|HOUSE MEETS AT:||FIRST VOTE PREDICTED:||LAST VOTE PREDICTED:|
|10:00 a.m.: Morning Hour
12:00 p.m.: Legislative Business
Fifteen “One Minutes”
|3:30 – 4:00 p.m.||4:00 – 4:30 p.m.|
|H.R. 4607 – Comprehensive Regulatory Review Act (Rep. Loudermilk – Financial Services) (One hour of debate). The 1996 “Economic Growth and Regulatory Paperwork Reduction Act” directs federal banking regulators (the Federal Reserve Board, FDIC, and the Office of the Comptroller) to review, once every 10 years, all the regulations they have issued and identify outdated or unnecessary regulations on banks and credit unions. H.R. 4607 would require those agencies, as well as the Consumer Financial Protection Bureau, to complete that review more frequently—once every seven years. Increasing the frequency of this extensive regulatory review from every ten years to every seven years, as H.R. 4607 proposes, would give federal banking regulators less time to assess the impact of rules they have adopted, revised, or kept intact since the last review and force them to divert resources from actually performing their supervisory and enforcement duties. The bill would also require regulators to consider more criteria when assessing regulations to reduce the burden on banks and financial firms, making it easier to scale back or eliminate rules that help consumers or protect the larger economy.
The Rule, which was adopted last week, provides for one hour of general debate equally divided and controlled by the Chair and Ranking Member of the Committee on Financial Services.
Bill Text for H.R. 4607:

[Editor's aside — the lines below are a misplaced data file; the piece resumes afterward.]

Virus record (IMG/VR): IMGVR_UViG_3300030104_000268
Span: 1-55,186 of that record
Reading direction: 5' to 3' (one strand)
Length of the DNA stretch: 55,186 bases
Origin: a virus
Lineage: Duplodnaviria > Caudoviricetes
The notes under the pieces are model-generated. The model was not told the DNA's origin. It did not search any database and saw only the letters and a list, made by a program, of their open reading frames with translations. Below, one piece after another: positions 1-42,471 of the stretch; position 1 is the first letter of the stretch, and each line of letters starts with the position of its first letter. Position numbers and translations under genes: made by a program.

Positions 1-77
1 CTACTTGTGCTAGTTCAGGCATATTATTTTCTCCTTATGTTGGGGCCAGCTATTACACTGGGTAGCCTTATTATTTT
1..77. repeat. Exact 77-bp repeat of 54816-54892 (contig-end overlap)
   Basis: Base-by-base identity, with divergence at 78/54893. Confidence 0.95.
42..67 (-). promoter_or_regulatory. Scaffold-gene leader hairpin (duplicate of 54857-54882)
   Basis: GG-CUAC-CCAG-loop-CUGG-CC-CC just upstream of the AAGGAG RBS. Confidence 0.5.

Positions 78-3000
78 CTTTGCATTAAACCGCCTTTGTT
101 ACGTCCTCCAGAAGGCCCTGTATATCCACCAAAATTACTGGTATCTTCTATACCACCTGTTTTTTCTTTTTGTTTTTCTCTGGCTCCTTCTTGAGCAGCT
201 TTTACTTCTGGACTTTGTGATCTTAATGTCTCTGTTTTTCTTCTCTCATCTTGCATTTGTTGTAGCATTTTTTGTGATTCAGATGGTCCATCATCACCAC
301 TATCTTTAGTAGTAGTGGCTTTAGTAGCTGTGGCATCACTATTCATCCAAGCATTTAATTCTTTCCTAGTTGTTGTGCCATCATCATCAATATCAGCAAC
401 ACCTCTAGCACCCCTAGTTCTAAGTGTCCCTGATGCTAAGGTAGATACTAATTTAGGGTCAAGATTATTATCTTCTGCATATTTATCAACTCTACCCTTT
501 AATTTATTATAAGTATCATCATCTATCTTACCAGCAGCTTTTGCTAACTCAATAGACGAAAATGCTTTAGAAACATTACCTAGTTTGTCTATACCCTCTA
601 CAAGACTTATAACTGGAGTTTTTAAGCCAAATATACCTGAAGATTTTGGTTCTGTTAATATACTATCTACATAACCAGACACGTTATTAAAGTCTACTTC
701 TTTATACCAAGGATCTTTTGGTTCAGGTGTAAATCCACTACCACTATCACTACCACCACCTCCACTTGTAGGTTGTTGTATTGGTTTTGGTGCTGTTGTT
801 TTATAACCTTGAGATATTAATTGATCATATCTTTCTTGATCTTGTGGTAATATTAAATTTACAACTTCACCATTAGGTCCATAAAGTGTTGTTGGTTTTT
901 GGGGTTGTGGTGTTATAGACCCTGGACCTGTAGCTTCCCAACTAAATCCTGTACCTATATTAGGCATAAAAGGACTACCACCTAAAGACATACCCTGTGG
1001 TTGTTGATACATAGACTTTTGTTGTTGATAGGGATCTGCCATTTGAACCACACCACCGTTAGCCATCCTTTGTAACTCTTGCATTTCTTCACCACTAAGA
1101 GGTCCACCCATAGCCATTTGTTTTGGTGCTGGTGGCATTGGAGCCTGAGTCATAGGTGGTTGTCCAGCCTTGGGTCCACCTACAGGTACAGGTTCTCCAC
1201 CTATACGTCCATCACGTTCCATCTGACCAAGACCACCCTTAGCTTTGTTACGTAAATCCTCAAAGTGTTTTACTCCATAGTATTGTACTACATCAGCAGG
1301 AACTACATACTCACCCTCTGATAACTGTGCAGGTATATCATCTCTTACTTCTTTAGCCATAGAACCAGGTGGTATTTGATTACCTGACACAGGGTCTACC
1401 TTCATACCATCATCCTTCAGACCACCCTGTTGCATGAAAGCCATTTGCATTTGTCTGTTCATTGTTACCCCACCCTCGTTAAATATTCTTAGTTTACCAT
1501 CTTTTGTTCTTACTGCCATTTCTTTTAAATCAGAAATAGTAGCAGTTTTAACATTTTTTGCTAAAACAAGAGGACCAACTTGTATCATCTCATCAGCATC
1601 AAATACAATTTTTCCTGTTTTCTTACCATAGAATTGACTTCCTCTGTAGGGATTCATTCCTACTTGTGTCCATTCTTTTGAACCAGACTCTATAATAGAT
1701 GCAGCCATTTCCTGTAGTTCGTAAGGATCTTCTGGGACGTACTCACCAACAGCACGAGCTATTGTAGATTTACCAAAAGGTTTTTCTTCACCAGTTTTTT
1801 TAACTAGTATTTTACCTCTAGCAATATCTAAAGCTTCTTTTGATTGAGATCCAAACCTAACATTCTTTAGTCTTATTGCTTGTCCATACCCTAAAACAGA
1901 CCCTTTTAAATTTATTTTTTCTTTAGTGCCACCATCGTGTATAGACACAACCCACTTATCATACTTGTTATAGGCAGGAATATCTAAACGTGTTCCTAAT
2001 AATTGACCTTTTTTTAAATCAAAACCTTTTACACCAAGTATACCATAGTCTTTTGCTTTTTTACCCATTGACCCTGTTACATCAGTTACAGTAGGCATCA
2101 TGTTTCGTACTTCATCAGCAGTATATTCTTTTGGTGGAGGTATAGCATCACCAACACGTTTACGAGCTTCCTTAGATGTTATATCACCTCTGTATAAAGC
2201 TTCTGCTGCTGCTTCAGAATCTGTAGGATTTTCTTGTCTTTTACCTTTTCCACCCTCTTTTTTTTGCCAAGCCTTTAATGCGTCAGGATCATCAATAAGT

Suspensions (8 bills)
The GOP Leadership has announced the following schedule for Wednesday, March 7: The House will meet at 12:00 p.m. for legislative business. The House is expected to consider H.R. 1917 – Blocking Regulatory Interference from Closing Kilns Act of 2017 (Rep. Johnson (OH) – Energy and Commerce) (Subject to a Rule). The House is also expected to begin consideration of H.R. 1119 – Satisfying Energy Needs and Saving the Environment Act (Rep. Rothfus – Energy and Commerce) (Subject to a Rule).
|THE DAILY QUOTE|
|“The tax bill was sold as a way to create jobs and boost stagnant wages. So far, at least, corporations have been showing more concern about shareholders than about employees or the economy as a whole… Just since passage of the law, companies have announced an astounding $200 billion in stock buyback plans… For one thing, buybacks don't have much direct impact on the economy. This is especially troubling in that Congress estimated that the tax bill would increase deficits by only $1.5 trillion over 10 years, because economic growth would generate $458 billion in new tax revenues. That growth won’t happen if much of the windfall goes into a form of financial engineering that does not do much to increase wages, hire workers or build facilities… Add this up, and you get a whopping 70% of the tax windfall going to shareholders in ways that have little impact on the economy, jobs and wages.”
- USA Today Editorial Board, 3/5/2018